The Education Review Office (ERO) is the government department that, as part of its work, reviews early childhood services throughout Aotearoa New Zealand. ERO’s reports provide information for parents and communities about each service’s strengths and next steps for development. ERO’s bicultural evaluation framework Ngā Pou Here is described in SECTION 3 of this report. Early childhood services are partners in the review process and are expected to make use of the review findings to enhance children's wellbeing and learning.

2 Information about the Early Childhood Service


Albany, Auckland

Ministry of Education profile number


Licence type

Education & Care Service

Licensed under

Education (Early Childhood Services) Regulations 2008

Number licensed for

60 children, including up to 15 aged under 2

Service roll


Gender composition

Boys 34

Girls 29

Ethnic composition

NZ European/Pākehā


Middle Eastern







South African











Percentage of qualified teachers

0-49% 50-79% 80%

Based on funding rates


Reported ratios of staff to children

Under 2


Meets minimum requirements


Over 2


Better than minimum requirements

Review team on site

July 2014

Date of this report

5 September 2014

Most recent ERO report(s)

No previous ERO reports


3 General Information about Early Childhood Reviews

ERO’s Evaluation Framework

ERO’s overarching question for an early childhood education review is ‘How well placed is this service to promote positive learning outcomes for children?’ ERO focuses on the following factors as described in the bicultural framework Ngā Pou Here:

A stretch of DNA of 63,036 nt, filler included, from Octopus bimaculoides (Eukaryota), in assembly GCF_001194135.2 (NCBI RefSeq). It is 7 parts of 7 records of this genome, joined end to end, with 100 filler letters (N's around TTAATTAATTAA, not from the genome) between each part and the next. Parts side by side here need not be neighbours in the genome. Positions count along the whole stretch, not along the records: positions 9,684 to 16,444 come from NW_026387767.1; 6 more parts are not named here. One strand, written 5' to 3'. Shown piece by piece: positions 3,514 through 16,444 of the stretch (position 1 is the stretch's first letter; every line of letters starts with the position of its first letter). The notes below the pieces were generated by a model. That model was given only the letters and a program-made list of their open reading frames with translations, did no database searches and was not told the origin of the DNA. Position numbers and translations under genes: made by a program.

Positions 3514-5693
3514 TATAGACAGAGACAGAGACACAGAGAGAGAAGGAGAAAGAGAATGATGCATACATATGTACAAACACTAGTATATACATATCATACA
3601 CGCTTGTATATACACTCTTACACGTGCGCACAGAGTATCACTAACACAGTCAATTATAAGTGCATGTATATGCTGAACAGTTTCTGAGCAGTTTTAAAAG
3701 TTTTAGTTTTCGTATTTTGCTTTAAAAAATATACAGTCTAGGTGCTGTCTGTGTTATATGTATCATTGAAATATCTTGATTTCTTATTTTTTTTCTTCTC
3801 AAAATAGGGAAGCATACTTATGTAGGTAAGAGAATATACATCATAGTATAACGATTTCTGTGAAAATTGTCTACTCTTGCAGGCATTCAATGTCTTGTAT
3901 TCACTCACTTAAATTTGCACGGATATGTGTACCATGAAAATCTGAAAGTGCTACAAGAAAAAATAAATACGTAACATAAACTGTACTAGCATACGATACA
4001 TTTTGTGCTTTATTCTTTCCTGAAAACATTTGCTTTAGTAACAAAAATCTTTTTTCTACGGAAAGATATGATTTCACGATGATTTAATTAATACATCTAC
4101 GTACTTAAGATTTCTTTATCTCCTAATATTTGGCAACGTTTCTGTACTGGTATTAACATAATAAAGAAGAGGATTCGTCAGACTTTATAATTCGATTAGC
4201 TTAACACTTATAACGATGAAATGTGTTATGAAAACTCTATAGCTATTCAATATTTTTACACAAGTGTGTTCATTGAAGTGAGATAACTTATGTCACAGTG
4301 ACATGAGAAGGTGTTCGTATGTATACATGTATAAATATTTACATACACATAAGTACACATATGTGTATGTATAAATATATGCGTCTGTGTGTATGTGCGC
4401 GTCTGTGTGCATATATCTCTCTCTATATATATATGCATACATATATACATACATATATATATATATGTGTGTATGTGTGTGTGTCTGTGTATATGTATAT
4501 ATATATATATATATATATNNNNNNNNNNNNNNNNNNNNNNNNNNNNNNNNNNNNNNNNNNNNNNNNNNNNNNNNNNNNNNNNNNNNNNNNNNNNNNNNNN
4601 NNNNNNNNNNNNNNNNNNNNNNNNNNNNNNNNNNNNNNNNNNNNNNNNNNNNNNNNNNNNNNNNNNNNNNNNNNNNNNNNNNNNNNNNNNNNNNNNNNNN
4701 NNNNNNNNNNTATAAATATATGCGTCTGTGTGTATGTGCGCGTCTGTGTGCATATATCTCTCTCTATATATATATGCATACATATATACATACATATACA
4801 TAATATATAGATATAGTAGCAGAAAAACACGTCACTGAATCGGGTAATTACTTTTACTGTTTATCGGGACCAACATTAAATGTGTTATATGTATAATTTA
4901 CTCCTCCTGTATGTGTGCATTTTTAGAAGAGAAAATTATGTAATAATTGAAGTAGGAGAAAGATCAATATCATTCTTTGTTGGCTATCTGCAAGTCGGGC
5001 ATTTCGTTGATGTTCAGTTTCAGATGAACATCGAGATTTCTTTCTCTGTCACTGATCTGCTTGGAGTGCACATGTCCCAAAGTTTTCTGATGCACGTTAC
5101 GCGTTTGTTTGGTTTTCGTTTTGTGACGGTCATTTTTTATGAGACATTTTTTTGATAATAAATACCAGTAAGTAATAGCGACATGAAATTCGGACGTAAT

• Pou Whakahaere – how the service determines its vision, philosophy and direction to ensure positive outcomes for children
  • Pou Ārahi – how leadership is enacted to enhance positive outcomes for children
  • Mātauranga – whose knowledge is valued and how the curriculum is designed to achieve positive outcomes for children
  • Tikanga whakaako – how approaches to teaching and learning respond to diversity and support positive outcomes for children.

Within these areas ERO considers the effectiveness of arotake – self review and of whanaungatanga – partnerships with parents and whānau.

ERO evaluates how well placed a service is to sustain good practice and make ongoing improvements for the benefit of all children at the service.

A focus for the government is that all children, especially priority learners, have an opportunity to benefit from quality early childhood education. ERO will report on how well each service promotes positive outcomes for all children, with a focus on children who are Māori, Pacific, have diverse needs, and are up to the age of two.

For more information about the framework and Ngā Pou Here refer to ERO’s Approach to Review in Early Childhood Services.

ERO’s Overall Judgement and Next Review

The overall judgement that ERO makes and the timing of the next review will depend on how well placed a service is to promote positive learning outcomes for children. The categories are:

  • Very well placed – The next ERO review in four years
  • Well placed – The next ERO review in three years
  • Requires further development – The next ERO review within two years
  • Not well placed - The next ERO review in consultation with the Ministry of Education

ERO has developed criteria for each category. These are available on ERO’s website.

Review Coverage

ERO reviews are tailored to each service’s context and performance, within the overarching review framework. The aim is to provide information on aspects that are central to positive outcomes for children and useful to the service.